Shown in FIG. 1 is one form of apparatus that has been built and determined to operate successfully in an experimental trial. Apparatus 30 lays pipe sections 32 in a trench 34 and joins successive ones of sections 32. In addition, apparatus 30 aligns the sections, sets them to grade and beds them in place. An elongated carriage 36 is of a length sufficient to straddle trench 34. At each end portion of carriage 36 are propelling means, including tracks 38 and 40, that engage the surface of the ground on the berm out from respective upper sides of trench 34 and serve to move carriage 36 along the trench. Included within apparatus 30, in this case generally adjacent to track 38 at 42, is an engine and control system which serves to drive tracks 38 and 40 steerably along the length of trench 34. A crane 44 rises upwardly from the central portion of carriage 36 and includes an adjustably articulated arm 46 of adjustable length and which has an outer end portion 48 controllably movable both laterally with respect to trench 34 and between respective positions effectively above the upper level of trench 34 and within the trench below the level of carriage 36. Crane 44 is secured by mounting means 50 with respect to carriage 36 so as to permit adjustable tilting of crane 44 relative to the sidewalls 52 of trench 34. A controllable grapple 54 is mounted at outer end portion 48 of arm 46 and is engageable with a pipe section 32.
Mounted on carriage 36 is a control station 56 located in a position that enables an operator, seated upon a chair 58 and using control panels 60 and 62, to govern and observe movement of grapple 54 and, ultimately at the bottom of trench 34, joinder of successive sections 32.
In this case, a successful initial embodiment of apparatus 30 was constructed from a commercial bulldozer. The assembly which included track 40 was severed from the original unit and spaced outwardly therefrom by means of carriage 36. The drive train components of the bulldozer were retained for supplying motive power to the tracks. A diesel engine in this case drives three hydraulic pumps which, in turn, supply fluid to a variety of hydraulic motors to provide operational power for a number of controllably movable components yet to be described in more detail. The hydraulic system includes the usual reservoir 63 in which hydraulic fluid is stored.
The hydraulic fluid distribution is strictly conventional in approach and includes the usual system of piping, actuators and valves all under control of operating handles on panels 60 and 62. Ultimately, a variety of different hydraulically operated motors and rams, many of which will be further described, are caused to be operated through the control levers on panels 60 and 62 for various purposes within the apparatus. Thus, conventional hydraulic controls and feed systems are employed to enable the operator at control station 56 to adjust steering by means of control of tracks 38 and 40, to adjust articulation of arm 46 as well as the ultimate length of that arm, to adjust movement of the outer end of arm 46 both laterally and relative to the levels of trench 34 and carriage 36 and also to adjust lateral tilting of crane 44.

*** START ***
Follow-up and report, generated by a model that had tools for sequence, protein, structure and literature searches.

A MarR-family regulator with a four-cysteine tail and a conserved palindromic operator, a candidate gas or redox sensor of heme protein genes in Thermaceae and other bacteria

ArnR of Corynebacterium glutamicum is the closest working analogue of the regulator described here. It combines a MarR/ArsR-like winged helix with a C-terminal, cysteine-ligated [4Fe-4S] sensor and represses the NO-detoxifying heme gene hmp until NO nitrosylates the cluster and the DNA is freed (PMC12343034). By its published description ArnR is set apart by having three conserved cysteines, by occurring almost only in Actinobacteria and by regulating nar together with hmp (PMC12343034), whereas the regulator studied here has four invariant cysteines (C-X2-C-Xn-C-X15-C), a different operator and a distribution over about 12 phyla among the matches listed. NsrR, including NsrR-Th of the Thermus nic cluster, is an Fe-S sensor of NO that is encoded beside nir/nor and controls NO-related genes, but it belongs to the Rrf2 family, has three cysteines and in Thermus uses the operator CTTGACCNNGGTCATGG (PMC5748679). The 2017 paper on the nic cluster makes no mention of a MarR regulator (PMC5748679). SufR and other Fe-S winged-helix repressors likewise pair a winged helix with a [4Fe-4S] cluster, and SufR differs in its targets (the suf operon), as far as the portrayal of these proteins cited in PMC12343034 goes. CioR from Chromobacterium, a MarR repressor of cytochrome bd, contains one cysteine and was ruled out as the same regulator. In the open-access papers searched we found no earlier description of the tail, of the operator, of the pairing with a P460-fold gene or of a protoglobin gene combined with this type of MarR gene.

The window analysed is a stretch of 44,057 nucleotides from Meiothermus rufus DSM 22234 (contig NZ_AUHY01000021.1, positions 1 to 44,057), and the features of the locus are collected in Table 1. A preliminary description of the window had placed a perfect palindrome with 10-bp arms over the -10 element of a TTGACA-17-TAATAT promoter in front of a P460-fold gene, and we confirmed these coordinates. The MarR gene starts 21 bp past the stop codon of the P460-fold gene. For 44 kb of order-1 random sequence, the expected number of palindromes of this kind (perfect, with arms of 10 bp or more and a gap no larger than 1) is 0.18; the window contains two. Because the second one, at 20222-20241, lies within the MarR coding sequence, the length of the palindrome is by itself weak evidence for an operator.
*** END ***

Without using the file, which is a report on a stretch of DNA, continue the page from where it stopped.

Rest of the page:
As shown in more detail in FIGS. 8 and 9, mount 50 includes a pivot bearing at 64 secured to the central portion of carriage 36 and having a mounting block 66 secured to carriage 36 and a coupling 68 that supports crane 44, all to permit the aforementioned tilting of the crane. Coupling 68 also permits swinging of crane 44 in a direction laterally of the trench.
The berms upon which tracks 38 and 40 ride are seldom at the same level. For safe, efficient and satisfactory operation, however, it is necessary that crane 44 be mounted so as to be able to assume a vertical orientation regardless of the level of carriage 36. Rather than attempt to level the entire machine, block 66 constitutes an adjustable platform. As yet to be described in more detail, block 66 is controllably adjustable in level about pivot 64 relative to carriage 36 and, thus, to the trench itself. On the other hand, crane 44 is the only element of the entire machine that is critical of orientation relative to the vertical.
As herein specifically embodied, all components of crane 44 shown in FIGS. 8 and 9 and disposed above block 66 are commercially available as a standard assembly normally intended for mounting on a truck bed. In fact, a single-ended pivot member in the base of that assembly for a different purpose could be made double-ended to serve as pivot 64 and eliminate the need for block 66 as a separate component.
Also mounted upon carriage 36, and in this case at the end thereof which includes track 40, is a hopper 70 for carrying a pipe bedding material 72, such as crushed stone or other fill, that is to be deposited into the trench. A shutter or gate 74, open and closed by means of a ram 76 (FIG. 8), is disposed at the bottom of hopper 70 in order adjustably to control dispensing of material 72 from the hopper.
For delivering material 72 from hopper 70 into trench 34, a conveyor system 80 is included. System 80 includes a first belt-type conveyor 82 (FIG. 10) that receives gravel or the like from the bottom of hopper 70 and may deliver it forwardly onto a second conveyor 84 also of the belt type and likewise hydraulically driven for movement. The outer end of conveyor 84 is swing mounted from a ram 86 adjustable in length to control the relative level of the delivery end of the conveyed material. The inner end of the conveyor 84 is pivotally mounted from carriage 36 at 87. A ram 88, coupled between carriage 36 and the pivot mounting for conveyor 84, enables the latter to be swung between a position displaced to one side of trench 34 as shown in FIG. 1 and a position in which its outer end is disposed over the trench as shown in FIG. 6.